We recently did some work with one of the UK’s largest building societies and banks. Their challenge was to update a legacy system that was used to allow account transfers between other UK banks.
A system to permit such account transfers was introduced in 2013. Each bank that participates has a common interface so that bank account holders have a straightforward means of migrating from one bank to another. This is similar to the way that mobile phone and broadband services can be moved from one provider to another.
While this is simple for the end user (or is intended to be), the backend technology required to make it happen is rather more complex.
Each bank has its own internal way of dealing with such requests. In the case of our client, their system was based on Windows AppFabric. This is a collection of services all talking to each other and running on Windows Server.
AppFabric hosts workflows, unifying technologies such as Internet Information Services (IIS), Workflow Foundation (WF) and Windows Communication Foundation (WCF).
The bank’s existing application was large (200+ workflows) and took a year to develop.
Though the bank’s system was functional, it relied on Windows AppFabric, which was deprecated in 2015 and moved out of extended support in April 2022.
All Windows AppFabric technologies ran under .NET Framework, which is no longer being extended (.NET Framework 4.8 being the last official version) and is now being gradually phased out. Microsoft is porting many, but not all, of the core libraries to .NET Core (currently .NET 6).
WCF (a SOAP technology) is still fully supported in .NET framework 4.8 and partially in .NET Core. Support for hosting WCF services is not officially supported and even consumption of existing services is not to the full WS.* standard which WCF is based on.
Workflow Foundation is still supported in .NET framework 4.8 but not going to be officially ported to .NET Core.
Microsoft now has other, newer workflow technologies such as LogicApps and Azure functions, but there is no direct migration path to these and there are many detail differences in the capabilities offered.
In short, every service provider using Windows AppFabric is now impacted because it’s out of support and there is no direct migration path available.
We were engaged to review the way the current system worked and to look for the optimal way of moving from the deprecated AppFabric system to an alternative setup that would be supported.
We knew that the bank had a lot of valuable business logic tied up in its existing system. Our job was to preserve as much of this while separating it from the workflow logic. It’s this workflow logic – what we think of as the “engine” – that we needed to rehouse with new tech.
The aim of this part of the project was to produce a proof of concept (PoC) to achieve this separation as efficiently as possible while avoiding the need for a total redesign and implementation, which would take a lot of time and money to implement.
An essential requirement is for the bank’s system to support the persistence, restartability and replayability of workflow actions especially if they are long running and asynchronous.
In simple terms, when transferring a bank balance as part of the switch, for example, the banks would need to be sure that the old account is being correctly debited and the new one correctly credited.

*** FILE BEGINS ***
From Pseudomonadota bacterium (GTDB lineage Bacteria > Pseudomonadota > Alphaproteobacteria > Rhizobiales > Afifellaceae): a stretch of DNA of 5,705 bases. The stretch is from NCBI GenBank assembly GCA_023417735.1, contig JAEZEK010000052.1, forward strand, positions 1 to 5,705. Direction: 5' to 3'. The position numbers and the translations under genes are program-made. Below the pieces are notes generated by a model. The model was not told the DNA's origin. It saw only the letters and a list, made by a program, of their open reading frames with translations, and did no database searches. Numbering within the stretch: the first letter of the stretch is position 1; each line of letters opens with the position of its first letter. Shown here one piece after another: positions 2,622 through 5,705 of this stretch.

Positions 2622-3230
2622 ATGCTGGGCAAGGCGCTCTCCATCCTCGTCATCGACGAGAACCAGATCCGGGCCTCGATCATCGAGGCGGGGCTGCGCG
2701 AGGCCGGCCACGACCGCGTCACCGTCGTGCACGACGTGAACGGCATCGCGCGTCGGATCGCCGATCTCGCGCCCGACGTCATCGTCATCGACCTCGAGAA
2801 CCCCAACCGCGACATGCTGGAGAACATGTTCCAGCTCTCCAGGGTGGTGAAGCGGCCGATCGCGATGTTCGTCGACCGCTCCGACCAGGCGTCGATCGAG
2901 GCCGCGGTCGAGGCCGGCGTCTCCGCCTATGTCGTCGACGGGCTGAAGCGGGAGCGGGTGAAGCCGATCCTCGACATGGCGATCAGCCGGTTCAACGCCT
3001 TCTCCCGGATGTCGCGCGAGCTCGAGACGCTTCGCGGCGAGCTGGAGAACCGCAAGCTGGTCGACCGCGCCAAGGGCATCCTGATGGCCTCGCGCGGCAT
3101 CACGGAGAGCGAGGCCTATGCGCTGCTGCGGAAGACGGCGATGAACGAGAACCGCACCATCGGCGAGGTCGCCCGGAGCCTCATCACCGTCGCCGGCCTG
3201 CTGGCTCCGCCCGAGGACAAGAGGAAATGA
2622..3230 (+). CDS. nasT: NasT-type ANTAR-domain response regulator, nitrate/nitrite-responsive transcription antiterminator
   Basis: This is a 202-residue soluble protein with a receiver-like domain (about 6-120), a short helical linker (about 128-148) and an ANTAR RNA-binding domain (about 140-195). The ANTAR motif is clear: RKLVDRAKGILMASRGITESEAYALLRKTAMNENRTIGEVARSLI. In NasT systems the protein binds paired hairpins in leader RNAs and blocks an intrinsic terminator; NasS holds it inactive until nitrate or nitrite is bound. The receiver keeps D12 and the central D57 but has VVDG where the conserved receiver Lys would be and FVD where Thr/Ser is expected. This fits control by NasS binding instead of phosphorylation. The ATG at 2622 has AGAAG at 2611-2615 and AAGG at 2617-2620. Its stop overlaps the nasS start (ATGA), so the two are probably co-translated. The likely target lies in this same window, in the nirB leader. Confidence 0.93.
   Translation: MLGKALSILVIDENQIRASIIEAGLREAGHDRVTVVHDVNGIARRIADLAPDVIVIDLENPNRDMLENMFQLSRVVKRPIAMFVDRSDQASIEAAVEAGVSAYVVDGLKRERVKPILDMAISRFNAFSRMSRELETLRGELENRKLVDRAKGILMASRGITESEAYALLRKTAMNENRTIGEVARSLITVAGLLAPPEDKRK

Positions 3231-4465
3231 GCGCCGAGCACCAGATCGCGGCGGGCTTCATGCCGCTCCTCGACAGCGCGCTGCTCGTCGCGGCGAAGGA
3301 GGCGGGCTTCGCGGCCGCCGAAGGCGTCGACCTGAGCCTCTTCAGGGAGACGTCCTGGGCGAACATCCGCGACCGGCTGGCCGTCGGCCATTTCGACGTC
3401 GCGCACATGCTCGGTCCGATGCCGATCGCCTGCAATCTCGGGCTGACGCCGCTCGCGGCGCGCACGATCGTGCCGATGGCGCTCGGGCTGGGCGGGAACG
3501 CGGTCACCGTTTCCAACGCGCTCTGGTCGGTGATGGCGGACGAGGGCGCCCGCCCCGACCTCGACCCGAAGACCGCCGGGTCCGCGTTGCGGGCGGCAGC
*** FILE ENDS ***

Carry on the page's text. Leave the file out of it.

In the event of a system failure, the bank would need to be confident of restarting from the same place, to avoid duplication. This is essential to prevent double crediting and double debiting of accounts. In practice this type of challenge occurs many times in any long running workflow system.
This means any solution would require a system that would offer atomic actions. The existing system running on AppFabric provides this out of the box and was durable, so any suggestion for replacement would need to offer parity with this.
Findings and solutions
The deliverable so far has been a PoC, relating to the hundreds of thousands of lines of code across the original project.
One of the key findings was that we were able to extract more value than expected from the business logic in the existing application.
This confirmed to us that trying to reinvent the wheel would have been a bad idea. Instead, we can focus on which parts of the engine we can provide ourselves, while keeping that business value in the business logic already present.
A couple of different options were considered.
- Low Code: The bank could move to Low Code like LogicApps or Azure Functions. However, this would require rearchitecting the whole application.
- Microservices: The bank could use microservices to handle each workflow. This would allow them to retain process chronology. Again, this would require rearchitecting the whole application and the existing solution was already well architected and provided separation between each of the many workflows.
Although the bank has decided not to move to the cloud for this system just yet, the new architecture proposed in the PoC means that the system could be migrated to the cloud in the future.
This is because it moves the technical solution to a modern stack that can be both containerised and virtualised.
Have you invested in Windows AppFabric? There is probably value in your code base that we can extract. Starting again may not be necessary. If you’re unsure about whether to wait or to invest in updating your systems, drop us a line and let’s have a chat.